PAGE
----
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US Payroll Tax Guide: New York

Managing payroll in New York? Read our state-by-state guide to US payroll taxes to learn what you must withhold and deduct from employee wages.

Gabriele Culot
Written by Gabriele Culot
July 26, 2023
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Key takeaways

  1. Employers with employees in New York must contribute to the state unemployment insurance program.
  2. New York state also requires employers to contribute to the Re-Employment Service Tax Fund, State Disability Insurance, and Paid Family Leave.
  3. When you hire one employee in New York, you’ll need to start paying for workers’ compensation insurance in New York.

Employers must navigate various regulations and requirements to ensure proper payroll withholding in each US state. On top of withholding federal taxes such as Medicare and Social Security taxes, you are also responsible for withholding and paying certain New York state taxes from your employee’s payroll. These taxes together are referred to as employer payroll taxes or payroll withholding. 

This guide introduces what employers need to pay and withhold from payroll in New York, including unemployment insurance, personal income tax, and workers' compensation. 

Paying Unemployment Insurance 

Unemployment Insurance (UI) is a national program administered by the US Department of Labor and provides temporary payments to people who are unemployed through no fault of their own. Although UI is a joint state-federal program to help unemployed individuals, employers in New Mexico must contribute to state unemployment insurance.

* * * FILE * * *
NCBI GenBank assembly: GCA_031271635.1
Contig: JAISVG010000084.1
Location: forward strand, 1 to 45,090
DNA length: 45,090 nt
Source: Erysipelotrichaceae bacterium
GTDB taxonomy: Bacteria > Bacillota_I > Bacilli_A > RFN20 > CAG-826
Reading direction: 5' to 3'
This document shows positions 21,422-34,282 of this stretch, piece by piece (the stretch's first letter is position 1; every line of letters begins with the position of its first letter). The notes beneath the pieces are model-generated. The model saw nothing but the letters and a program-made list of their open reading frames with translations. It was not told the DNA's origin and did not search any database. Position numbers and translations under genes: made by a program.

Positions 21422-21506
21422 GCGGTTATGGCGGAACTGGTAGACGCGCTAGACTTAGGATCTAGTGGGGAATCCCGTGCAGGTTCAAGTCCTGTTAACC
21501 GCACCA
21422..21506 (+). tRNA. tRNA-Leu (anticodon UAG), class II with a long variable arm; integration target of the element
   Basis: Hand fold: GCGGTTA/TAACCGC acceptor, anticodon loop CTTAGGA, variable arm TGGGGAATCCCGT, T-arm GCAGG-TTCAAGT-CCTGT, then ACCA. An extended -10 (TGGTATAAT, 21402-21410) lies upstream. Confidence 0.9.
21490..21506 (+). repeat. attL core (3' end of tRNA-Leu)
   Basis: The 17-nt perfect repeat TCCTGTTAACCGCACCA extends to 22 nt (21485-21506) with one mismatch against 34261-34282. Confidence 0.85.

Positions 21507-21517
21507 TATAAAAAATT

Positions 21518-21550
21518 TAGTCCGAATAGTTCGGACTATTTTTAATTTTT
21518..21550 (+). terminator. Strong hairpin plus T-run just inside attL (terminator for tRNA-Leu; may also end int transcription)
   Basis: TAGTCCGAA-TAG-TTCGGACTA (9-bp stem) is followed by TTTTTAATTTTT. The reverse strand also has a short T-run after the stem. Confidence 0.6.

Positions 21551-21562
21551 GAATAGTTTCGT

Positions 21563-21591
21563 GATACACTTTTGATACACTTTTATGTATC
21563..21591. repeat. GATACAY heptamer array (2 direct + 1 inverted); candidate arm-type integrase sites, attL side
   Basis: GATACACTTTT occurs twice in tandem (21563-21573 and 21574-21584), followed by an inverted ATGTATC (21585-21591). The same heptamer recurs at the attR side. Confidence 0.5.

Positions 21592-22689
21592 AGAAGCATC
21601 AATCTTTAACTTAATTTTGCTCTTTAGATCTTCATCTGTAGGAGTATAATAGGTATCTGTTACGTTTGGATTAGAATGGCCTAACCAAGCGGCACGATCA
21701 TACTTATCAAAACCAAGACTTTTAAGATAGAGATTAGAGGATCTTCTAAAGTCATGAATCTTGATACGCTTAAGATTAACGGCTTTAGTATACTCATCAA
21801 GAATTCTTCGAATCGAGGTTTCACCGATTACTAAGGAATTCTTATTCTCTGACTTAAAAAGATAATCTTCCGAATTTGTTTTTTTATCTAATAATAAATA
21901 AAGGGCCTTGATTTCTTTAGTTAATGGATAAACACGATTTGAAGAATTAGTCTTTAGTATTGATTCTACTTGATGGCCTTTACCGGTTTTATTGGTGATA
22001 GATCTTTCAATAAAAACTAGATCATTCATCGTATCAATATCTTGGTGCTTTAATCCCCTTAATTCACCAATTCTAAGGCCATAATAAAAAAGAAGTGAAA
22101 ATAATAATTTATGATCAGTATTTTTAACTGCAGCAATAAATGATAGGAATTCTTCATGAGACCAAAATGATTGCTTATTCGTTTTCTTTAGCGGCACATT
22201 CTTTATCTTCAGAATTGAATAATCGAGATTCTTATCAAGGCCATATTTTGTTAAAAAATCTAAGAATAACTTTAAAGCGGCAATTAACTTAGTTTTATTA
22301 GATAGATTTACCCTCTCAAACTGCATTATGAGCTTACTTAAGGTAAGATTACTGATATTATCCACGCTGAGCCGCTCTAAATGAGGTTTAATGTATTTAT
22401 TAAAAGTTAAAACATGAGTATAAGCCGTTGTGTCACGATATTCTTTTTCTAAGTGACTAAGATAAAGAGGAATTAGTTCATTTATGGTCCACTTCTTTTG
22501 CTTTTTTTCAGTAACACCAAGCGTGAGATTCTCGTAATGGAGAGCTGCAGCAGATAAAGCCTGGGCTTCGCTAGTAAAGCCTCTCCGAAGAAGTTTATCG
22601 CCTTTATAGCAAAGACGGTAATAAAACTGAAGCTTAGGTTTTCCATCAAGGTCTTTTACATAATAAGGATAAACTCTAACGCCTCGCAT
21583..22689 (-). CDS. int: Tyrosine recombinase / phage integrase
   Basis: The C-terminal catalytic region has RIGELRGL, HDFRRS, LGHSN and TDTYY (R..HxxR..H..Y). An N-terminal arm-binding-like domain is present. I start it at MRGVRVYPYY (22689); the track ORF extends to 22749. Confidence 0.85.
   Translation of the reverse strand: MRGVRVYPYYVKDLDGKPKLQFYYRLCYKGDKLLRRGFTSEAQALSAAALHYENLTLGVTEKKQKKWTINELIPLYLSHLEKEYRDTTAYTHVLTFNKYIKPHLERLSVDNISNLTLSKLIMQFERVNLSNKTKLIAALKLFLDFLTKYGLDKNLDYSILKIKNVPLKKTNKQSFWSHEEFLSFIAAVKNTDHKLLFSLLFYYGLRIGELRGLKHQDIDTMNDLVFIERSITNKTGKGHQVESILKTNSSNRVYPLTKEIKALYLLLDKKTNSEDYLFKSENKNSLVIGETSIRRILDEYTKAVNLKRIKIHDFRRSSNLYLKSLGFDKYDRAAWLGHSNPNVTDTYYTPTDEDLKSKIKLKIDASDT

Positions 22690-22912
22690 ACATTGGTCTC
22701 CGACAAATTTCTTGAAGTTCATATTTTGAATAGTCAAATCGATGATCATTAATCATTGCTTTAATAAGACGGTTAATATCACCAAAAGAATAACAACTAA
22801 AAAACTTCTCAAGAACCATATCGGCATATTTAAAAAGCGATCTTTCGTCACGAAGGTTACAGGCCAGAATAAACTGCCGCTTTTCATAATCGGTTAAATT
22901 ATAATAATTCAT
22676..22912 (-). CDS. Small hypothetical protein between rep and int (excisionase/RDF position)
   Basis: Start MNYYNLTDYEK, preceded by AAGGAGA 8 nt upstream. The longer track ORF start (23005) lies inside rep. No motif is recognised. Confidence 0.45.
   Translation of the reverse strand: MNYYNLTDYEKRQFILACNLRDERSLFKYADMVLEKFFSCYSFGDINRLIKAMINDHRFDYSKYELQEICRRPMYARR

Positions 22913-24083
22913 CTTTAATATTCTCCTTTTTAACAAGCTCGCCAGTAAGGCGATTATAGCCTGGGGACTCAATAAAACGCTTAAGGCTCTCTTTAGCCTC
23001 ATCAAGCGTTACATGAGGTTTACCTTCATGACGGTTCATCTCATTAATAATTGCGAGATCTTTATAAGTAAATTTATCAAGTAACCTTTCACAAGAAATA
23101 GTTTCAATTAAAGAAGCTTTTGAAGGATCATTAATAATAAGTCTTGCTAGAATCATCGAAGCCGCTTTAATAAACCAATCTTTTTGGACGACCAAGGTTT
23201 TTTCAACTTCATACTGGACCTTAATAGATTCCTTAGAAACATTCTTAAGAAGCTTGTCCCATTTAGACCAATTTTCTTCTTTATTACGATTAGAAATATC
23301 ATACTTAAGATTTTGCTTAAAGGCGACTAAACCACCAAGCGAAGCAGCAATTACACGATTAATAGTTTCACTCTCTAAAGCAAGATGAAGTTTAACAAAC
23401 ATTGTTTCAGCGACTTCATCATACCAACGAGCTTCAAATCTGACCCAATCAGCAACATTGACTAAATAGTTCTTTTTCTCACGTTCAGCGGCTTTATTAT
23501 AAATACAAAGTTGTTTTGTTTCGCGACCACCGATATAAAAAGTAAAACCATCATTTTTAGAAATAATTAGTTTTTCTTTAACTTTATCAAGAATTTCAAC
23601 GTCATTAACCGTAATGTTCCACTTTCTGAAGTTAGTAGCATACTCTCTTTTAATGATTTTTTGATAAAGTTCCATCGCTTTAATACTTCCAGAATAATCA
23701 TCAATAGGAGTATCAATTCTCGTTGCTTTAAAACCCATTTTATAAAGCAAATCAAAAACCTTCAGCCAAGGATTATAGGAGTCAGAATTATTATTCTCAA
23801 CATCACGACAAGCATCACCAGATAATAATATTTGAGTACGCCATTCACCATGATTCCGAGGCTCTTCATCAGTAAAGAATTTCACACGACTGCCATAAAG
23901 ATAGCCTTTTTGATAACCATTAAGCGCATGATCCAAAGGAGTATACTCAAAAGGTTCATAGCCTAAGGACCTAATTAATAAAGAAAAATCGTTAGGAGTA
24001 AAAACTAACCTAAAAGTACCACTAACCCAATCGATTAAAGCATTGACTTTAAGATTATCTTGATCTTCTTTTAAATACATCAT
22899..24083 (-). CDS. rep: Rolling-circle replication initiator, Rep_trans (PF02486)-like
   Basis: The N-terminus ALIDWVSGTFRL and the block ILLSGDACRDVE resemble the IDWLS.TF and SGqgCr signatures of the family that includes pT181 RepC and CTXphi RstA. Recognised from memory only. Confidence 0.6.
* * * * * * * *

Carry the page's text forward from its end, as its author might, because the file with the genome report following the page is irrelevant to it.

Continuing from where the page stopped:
Unemployment insurance is paid by the employer and the rate may change from year to year. You can manage your New York payroll taxes through an online portal through the New York Department of Labor. The site also offers answers to FAQs, rate change information, and more. 

Paying your Re-employment Service Fund Tax 

On top of paying your New York Unemployment Insurance, you will also have to contribute to the state’s Re-employment Service Fund. The Re-employment Service Fund develops automated programs and funds staff positions to administer unemployment insurance programs to help people who are out of work look for jobs. 

This tax is based on your quarterly reporting. You can file your quarterly reporting with the New York Department of Labor. For more information on filing and contributing to the Re-employment Service Fund, the state provides a breakdown of the service.

Withholding Personal Income Tax from your New York Employee 

Personal Income Tax is a tax on the income of New York residents. Personal income tax is deducted from the employee’s wages and is withheld by the employer. The New York Department of Taxation and Finance provides the following information on withholding and paying your employee’s personal income tax. For more information on withholding personal income tax from your employee, New York provides a quick guide to who you must withhold tax for and a comprehensive Employer’s Guide to to Unemployment Insurance, Wage Reporting, and Withholding Tax